Guantanamo Differs From Pop Culture Perception, Admiral Says
By Navy Lt. Jennifer Cragg
Special to American Forces Press Service
WASHINGTON, May 21, 2008 The commander of Joint Task Force Guantanamo believes two very different Guantanamos exist today.
“There is the Guantanamo that exists in what I would call pop culture and the media and most people’s minds, and then there is the Guantanamo that exists here, the one that I see every day,” Navy Rear Adm. Mark H. Buzby said in a teleconference from Guantanamo Bay, Cuba, with online journalists and bloggers.
People who visit the detention facility for enemy combatants and see the conditions there come away with a much different impression from that formed by people who rely only on what they’ve heard.
Over the course of the year that Buzby has commanded at Guantanamo, the detainee population has decreased by about 100 to 270. Since Guantanamo opened, the admiral said, more than 520 detainees have either been transferred or released.
Buzby said the greatest compliment he has received from visitors is when they say, “I never realized it was so different. I was led to believe it was something totally different.” He added that nearly all who visit are impressed by what they see.
Living conditions for the detainees are modeled after U.S. prison facilities, Buzby noted.
“Our Camp 5 and Camp 6, which is where about 75 percent of our detainee population lives … are actually models of a prison in Indiana and a prison in Michigan that were brought down here and built,” he said. “The very same conditions that U.S. Bureau of Prisons prisoners live in are what our detainees live in, in terms of incarceration.”
He added that every detainee in Camp 5 and Camp 6 – regardless of how compliant he is -- receives at least two hours of outdoor recreation with other people daily. The detainees also receive a shower every day. “[This] is actually more than the Bureau of Prisons offers their high-security folks,” the admiral pointed out.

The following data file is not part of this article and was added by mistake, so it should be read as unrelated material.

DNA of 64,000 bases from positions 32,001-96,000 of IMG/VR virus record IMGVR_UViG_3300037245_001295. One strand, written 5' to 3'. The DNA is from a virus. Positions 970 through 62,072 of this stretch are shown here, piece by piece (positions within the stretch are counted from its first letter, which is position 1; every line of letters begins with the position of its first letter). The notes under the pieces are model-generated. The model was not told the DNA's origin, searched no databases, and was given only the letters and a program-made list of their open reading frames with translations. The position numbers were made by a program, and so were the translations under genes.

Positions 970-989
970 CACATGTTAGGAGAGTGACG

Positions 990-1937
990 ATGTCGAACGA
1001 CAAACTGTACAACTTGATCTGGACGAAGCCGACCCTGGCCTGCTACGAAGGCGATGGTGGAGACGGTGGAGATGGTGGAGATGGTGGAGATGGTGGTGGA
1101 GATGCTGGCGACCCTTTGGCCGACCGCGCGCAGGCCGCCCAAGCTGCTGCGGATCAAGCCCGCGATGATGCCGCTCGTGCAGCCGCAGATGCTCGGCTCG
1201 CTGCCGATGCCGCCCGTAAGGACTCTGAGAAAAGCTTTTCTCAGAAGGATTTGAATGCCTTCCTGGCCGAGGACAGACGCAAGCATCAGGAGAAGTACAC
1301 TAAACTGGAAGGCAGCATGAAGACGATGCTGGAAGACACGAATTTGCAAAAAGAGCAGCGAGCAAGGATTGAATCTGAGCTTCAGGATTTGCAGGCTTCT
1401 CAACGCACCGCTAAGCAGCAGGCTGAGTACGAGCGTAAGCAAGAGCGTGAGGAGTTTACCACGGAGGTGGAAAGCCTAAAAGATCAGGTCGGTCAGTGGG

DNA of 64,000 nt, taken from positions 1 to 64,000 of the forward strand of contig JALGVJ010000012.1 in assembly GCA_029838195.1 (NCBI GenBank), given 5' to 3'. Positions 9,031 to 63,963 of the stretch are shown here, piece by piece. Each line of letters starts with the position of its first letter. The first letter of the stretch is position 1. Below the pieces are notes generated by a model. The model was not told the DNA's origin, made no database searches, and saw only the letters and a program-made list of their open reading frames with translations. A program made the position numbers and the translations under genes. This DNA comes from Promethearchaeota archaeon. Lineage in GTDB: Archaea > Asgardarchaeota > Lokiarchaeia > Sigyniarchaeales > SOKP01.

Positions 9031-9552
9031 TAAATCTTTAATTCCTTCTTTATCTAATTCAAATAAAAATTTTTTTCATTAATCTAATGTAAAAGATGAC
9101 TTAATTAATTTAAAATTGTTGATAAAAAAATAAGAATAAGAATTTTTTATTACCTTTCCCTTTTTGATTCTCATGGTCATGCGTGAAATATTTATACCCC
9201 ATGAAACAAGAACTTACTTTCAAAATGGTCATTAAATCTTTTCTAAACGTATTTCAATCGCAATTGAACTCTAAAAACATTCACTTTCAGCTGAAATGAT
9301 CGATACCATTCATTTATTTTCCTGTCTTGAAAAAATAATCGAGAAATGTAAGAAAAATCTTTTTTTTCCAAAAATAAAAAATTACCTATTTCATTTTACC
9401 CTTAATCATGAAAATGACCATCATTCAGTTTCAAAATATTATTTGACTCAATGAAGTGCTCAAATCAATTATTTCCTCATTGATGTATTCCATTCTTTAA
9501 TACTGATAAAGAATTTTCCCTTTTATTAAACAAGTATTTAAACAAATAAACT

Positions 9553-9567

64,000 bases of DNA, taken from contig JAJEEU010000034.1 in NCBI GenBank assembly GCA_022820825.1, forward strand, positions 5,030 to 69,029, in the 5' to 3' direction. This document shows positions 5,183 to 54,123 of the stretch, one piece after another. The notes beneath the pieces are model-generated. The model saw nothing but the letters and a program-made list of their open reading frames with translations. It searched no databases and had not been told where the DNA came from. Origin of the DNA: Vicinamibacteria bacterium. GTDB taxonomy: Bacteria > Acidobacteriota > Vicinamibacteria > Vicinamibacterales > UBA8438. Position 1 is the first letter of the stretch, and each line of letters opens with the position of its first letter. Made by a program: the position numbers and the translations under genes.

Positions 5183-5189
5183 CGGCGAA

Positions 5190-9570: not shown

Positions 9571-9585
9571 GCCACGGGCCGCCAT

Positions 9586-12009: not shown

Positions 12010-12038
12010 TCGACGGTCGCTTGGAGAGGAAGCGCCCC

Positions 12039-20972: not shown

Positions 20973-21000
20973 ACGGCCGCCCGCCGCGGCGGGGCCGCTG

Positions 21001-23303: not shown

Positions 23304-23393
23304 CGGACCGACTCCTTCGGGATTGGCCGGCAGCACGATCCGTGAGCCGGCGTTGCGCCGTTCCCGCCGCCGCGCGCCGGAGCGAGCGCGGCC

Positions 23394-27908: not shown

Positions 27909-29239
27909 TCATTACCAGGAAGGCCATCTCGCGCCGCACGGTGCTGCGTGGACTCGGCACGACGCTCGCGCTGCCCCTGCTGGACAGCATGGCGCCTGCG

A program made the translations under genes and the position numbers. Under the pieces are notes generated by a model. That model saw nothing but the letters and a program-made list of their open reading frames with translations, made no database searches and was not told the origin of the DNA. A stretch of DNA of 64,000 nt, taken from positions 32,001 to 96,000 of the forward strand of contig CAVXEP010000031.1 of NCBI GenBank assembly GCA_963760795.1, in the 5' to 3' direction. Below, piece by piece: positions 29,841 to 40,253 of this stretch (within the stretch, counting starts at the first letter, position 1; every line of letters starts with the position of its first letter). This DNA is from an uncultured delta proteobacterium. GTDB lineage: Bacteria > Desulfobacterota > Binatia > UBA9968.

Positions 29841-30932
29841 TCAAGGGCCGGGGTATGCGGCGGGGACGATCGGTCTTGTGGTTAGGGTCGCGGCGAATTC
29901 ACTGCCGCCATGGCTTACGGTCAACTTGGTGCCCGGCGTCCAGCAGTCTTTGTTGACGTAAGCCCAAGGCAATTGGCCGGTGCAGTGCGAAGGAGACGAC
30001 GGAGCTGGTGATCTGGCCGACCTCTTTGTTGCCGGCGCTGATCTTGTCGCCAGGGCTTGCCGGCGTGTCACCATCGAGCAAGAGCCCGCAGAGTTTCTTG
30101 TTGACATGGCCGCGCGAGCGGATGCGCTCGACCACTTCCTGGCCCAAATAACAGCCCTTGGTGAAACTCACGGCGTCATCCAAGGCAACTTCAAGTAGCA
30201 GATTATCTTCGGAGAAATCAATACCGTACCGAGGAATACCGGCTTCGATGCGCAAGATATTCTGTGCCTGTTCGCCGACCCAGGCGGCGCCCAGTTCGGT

The other 25 percent of the detainee population, who are deemed “highly compliant” in following the camp rules, live in Camp 4. “[It] is a very open-air, communal sort of facility, where they live in groups of six in a bunk room,” Buzby said. “They have access to recreation about 22 hours a day, including group recreation and group prayer.”
Buzby added that detainees can easily earn access to live in Camp 4.
“People are placed in the various camps based on their compliance with the camp rules,” he said. “Any one of those detainees can earn their way into Camp 4 through compliance with camp rules and just behaving themselves.”
But allowing detainees to live in Camp 4 does come with some risks that Buzby assumes. An uprising in Camp 4 – the only such event since the camp opened -- caused $500,000 in damage, he said.
The uprising occurred during a campwide search of living quarters, he explained. Several of the most compliant detainees banded together and refused to participate in the search. Since that incident, Buzby said, he has taken a closer look at who is allowed into Camp 4.
“I personally vet every detainee that goes into Camp 4 now, so that I see their background, what they did prior to [their] capture and how they’ve behaved since they’ve been here,” he said.
Buzby said a typical day is very calm, but a detainee only has to do something a little bit wrong to get out of Camp 4. He added that many of the other detainees who like the conditions in Camp 4 have begun to police themselves and “they don’t want to screw it up or have it screwed up for them.”
In addition to taking care of the detainees’ living conditions, another paramount service offered is medical attention.
“We have … a psychologist, a psychiatrist, six psychiatric nurses and a whole host of trained corpsmen, who are specifically focused just on our detainee population,” Buzby said. “I put eyes on every detainee every single week, and I get reports on a daily basis on the conditions. And, the detainees, quite frankly, are asked at least once a week how they’re feeling and how they’re doing.”
Buzby is expected to leave Guantanamo Bay soon to become deputy chief of staff for global force management and joint force operations for U.S. Fleet Forces Command in Norfolk, Va. Navy Rear Adm. David M. Thomas is slated to succeed him at Guantanamo.
(Navy Lt. Jennifer Cragg works for the New Media branch of Defense Media Activity.)